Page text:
1 Some Examples

In this section we present some elementary examples exhibiting the general geometric

features that will be discussed in the body of the paper. They focus on the ideas of reconstruction

of dynamics and the "phases" obtained when reconstruction is performed on a closed loop. In this

case, we shall distinguish between a geometric and a dynamic phase. Such phenomena naturally

occur in Hamiltonian systems depending on a parameter, for example, in moving systems or in

integrable systems depending on a "slow" parameter. The reader will find additional examples in

§5. In particular, the rotating top in a gravitational field (the heavy top) and the dynamics of a

system of planar coupled rigid bodies are treated there. The formula for the phase of the system of

coupled planar rigid bodies is first computed by hand in §5E, so this can be read as part of the

present section if desired.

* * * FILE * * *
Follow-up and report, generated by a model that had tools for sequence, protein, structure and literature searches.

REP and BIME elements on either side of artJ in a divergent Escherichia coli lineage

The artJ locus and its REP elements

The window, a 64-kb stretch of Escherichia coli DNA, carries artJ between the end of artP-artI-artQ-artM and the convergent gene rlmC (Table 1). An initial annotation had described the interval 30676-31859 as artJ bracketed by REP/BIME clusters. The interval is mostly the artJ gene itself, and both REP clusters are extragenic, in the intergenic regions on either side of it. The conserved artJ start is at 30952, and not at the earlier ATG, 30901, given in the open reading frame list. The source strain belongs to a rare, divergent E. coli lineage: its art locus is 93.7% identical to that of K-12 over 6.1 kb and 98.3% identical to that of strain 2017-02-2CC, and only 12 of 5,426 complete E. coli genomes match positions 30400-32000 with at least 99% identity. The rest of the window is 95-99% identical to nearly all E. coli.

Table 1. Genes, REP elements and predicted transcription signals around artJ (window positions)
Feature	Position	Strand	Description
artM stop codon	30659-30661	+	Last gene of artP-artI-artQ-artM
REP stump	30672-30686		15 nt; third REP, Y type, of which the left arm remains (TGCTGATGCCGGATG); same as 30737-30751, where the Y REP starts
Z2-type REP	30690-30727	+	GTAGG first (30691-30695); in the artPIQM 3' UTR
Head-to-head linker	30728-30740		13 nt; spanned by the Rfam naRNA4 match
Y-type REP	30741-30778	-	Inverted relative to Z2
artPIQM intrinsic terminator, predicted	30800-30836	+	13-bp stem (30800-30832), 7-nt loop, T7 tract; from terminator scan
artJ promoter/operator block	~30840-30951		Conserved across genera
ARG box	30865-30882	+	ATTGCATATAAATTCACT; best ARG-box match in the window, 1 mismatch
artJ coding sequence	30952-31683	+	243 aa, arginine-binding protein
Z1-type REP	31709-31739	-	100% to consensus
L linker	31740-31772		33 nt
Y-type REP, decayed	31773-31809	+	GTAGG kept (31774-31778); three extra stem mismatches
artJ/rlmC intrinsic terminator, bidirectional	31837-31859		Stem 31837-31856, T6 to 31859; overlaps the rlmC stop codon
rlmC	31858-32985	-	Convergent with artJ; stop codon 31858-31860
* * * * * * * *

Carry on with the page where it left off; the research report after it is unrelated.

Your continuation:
Before beginning any serious examples, we will give an elementary example—Elroy's

beanie—which still illustrates many of the interesting features of more complicated examples. In

general, the theory and examples in this work can be divided into two types—those involving

adiabatic phenomena and those that are "pure mechanical" or "pure reconstruction". Our first main

example on moving systems in §1A is of the adiabatic type, while Elroy's beanie is purely

mechanical.

Example—Elroy's Beanie Consider two planar rigid bodies joined by a pin joint at their

center of masses. Let I2 and I2 be their moments of inertia, and 0

p

and 02 be the angle they

make with a fixed inertial direction, as in the figure.

Elroy's Beanie

inertial frame

3